Sunday morning's Milwaukee Journal Sentinel informed us that at least 135 lawyers with felony convictions are practcing law. Inside, it had the mug shots of twelve whose licenses and been suspended or revoked for criminal behavior. I looked over those mug shots and, sure enough, it seemed accurate. I was the referee who recommended that two of them be allowed to practice again. (I was initially the referee in Brian Burke's case but wound up recusing myself because I had written that no one should have gone to jail behind the caucus scandal.)
The article raised some interesting issues. Maybe we should automatically suspend lawyers upon conviction of a felony, although I will note that OLR not infrequently gets emergency suspensions pending completion of a full disciplinary proceeding. Perhaps there are certain crimes that should result in permanent suspension, although I am skeptical that we can write a rule that is better than the Court's exercise of judgment on this question. There are other issues that the reporters may want to pursue such as who gets disciplined, the resources devoted to the system and the exercise of charging discretion. I am also aware that there are a few notorious repeat offenders that the Court seems to have given a few too many chances.
But I don't believe that the system is "easy on lawyers." Reinstatement - whether from revocation or suspension (suspended lawyers are not automatically accepted back to the bar when the period of suspension is completed)- is not easy. One must retain counsel, file a petition requesting reinstatement, provide OLR with essentially any information it asks for and then have a public hearing before a referee. I recommended the reinstatement of Charlie Hausmann and Hazel Washington after evidentiary hearings in which I heard OLR's opposition and from witnesses called by both parties.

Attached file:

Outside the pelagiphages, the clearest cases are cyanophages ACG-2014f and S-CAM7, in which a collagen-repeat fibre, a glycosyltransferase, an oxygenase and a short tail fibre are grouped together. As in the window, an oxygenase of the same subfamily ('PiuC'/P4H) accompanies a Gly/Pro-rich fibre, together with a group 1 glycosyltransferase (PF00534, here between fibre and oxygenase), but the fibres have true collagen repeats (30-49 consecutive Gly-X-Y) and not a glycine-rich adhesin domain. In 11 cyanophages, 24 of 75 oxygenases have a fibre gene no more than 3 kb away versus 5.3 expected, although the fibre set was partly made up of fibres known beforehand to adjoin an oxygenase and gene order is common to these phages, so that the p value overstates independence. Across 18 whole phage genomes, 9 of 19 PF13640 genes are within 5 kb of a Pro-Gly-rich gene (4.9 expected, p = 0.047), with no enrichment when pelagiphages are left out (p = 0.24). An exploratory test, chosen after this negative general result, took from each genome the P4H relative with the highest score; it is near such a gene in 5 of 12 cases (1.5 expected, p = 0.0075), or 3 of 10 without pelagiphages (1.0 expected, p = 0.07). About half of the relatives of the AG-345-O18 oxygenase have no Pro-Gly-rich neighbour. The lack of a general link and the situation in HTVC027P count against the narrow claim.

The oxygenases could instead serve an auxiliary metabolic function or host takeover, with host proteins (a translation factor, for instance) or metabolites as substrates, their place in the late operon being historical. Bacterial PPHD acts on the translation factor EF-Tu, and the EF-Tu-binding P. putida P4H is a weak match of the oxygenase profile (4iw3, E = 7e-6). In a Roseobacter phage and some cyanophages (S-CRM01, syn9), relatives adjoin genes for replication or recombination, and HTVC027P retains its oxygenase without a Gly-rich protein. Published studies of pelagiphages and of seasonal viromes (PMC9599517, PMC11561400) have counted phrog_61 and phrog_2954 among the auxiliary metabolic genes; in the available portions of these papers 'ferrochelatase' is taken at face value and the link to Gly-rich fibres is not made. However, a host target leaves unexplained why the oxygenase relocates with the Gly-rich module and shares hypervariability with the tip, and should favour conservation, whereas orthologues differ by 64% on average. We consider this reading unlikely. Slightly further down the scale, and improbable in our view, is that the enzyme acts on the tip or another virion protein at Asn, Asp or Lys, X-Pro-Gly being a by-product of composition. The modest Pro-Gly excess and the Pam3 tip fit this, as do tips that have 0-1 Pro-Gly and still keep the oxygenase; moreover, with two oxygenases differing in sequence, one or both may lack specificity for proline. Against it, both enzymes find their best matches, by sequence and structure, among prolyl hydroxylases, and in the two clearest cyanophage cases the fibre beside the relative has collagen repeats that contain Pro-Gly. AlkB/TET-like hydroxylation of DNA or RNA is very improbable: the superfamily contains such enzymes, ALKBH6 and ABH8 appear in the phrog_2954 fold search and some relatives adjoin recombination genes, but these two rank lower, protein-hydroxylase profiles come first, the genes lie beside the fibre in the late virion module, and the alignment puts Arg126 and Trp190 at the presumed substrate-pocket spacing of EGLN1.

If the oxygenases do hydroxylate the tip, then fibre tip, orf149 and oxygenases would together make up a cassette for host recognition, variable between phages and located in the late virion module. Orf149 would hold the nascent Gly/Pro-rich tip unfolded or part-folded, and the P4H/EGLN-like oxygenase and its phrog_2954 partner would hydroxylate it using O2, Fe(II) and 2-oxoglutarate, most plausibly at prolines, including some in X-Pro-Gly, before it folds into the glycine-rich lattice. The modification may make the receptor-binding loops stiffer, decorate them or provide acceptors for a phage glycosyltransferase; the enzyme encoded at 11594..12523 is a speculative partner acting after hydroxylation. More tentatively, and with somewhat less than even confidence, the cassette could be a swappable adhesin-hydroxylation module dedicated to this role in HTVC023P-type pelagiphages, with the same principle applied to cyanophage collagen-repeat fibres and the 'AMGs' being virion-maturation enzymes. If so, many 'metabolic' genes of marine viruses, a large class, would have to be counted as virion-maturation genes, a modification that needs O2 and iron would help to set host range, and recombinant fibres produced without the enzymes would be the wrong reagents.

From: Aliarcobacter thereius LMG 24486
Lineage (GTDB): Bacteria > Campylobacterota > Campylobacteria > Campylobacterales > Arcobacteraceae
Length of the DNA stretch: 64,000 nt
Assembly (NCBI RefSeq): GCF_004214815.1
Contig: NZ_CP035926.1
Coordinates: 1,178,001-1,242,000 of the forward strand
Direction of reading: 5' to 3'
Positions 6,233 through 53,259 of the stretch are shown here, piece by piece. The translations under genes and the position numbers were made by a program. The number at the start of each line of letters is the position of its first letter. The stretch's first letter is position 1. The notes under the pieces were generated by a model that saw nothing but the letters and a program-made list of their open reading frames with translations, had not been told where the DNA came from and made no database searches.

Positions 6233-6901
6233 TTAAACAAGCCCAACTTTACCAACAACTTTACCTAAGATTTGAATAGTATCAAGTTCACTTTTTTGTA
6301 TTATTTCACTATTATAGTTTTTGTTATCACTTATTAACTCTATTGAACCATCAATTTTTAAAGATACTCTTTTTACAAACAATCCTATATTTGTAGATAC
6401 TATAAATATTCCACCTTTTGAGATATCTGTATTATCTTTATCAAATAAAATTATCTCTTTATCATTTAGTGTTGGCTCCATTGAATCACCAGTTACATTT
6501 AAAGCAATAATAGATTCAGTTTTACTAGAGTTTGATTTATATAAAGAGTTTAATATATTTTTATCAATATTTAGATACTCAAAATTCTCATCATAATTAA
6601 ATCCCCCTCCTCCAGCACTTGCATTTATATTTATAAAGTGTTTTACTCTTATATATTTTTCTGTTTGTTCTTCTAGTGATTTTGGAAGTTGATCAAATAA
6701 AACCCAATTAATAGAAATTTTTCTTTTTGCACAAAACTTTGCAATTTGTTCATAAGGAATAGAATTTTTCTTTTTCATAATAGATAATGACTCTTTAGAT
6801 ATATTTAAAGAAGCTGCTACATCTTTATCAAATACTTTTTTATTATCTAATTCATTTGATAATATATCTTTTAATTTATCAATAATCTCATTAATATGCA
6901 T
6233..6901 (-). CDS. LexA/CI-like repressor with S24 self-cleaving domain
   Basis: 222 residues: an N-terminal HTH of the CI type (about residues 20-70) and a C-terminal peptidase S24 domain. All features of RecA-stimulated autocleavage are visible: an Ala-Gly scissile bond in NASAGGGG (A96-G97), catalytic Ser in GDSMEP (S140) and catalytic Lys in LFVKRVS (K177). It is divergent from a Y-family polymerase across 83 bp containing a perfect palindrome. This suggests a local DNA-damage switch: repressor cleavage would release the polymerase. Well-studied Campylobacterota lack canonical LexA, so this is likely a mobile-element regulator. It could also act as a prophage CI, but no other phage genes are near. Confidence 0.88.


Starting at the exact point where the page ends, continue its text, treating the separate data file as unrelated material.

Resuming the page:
After the best deliberation I am capable of, I was convinced that both Mr. Hausmann and Ms. Washington understood what he or she did wrong, were remorseful, had paid a sufficient price and were unlikely to reoffend. When I have not been convinced of these things, I have recommended that reinstatement be denied. (My report in the Washington case was 22 pages.) The Journal Sentinel's statement that 60% of lawyers who apply for reinstatement get it does not shock me. Given the work involved, people whose cases are such that reinstatement is unlikely don't apply.
I do not believe that either attorneys Washington or Hausmann has gotten into more trouble. In fact, Mr. Hausmann later accepted my invitation to speak to law students about how he came to break the law and wind up in federal prison. He was not easy on himself. (I think he still gives this talk.)
It has never seemed to me that OLR is particularly easy on lawyers. As the paper noted, very few lawyers get charged but that's a meaningless number without knowing how many complaints the office gets. I can say that the office does not have a great deal of resources which may be one reason why more lawyers are not disciplined. It's easy to say that "lawyers should not regulate lawyers" and "doctors should not regulate doctors." But the intractable fact is that no one else can. Practicing law involves the application of professional expertise and judgment. While some cases are easy, others are not. It's hard for me to see how a system of discipline in which the decisionmakers lack the training and experience to assess the conduct of the accused would be "better."
A lot of this comes from the notorious case of Calument County DA Ken Krantz who made sexual advances upon a victim in a domestic abuse case. I don't know why OLR whiffed on that one and I am mindful of the fact that it can't defend itself. The facts as we know them (which I suspect are accurate) may not be same as the facts that were available to it. Putting that aside, he violated a number of rules and the alleged offense was serious - very serious. But one failure does not define the system.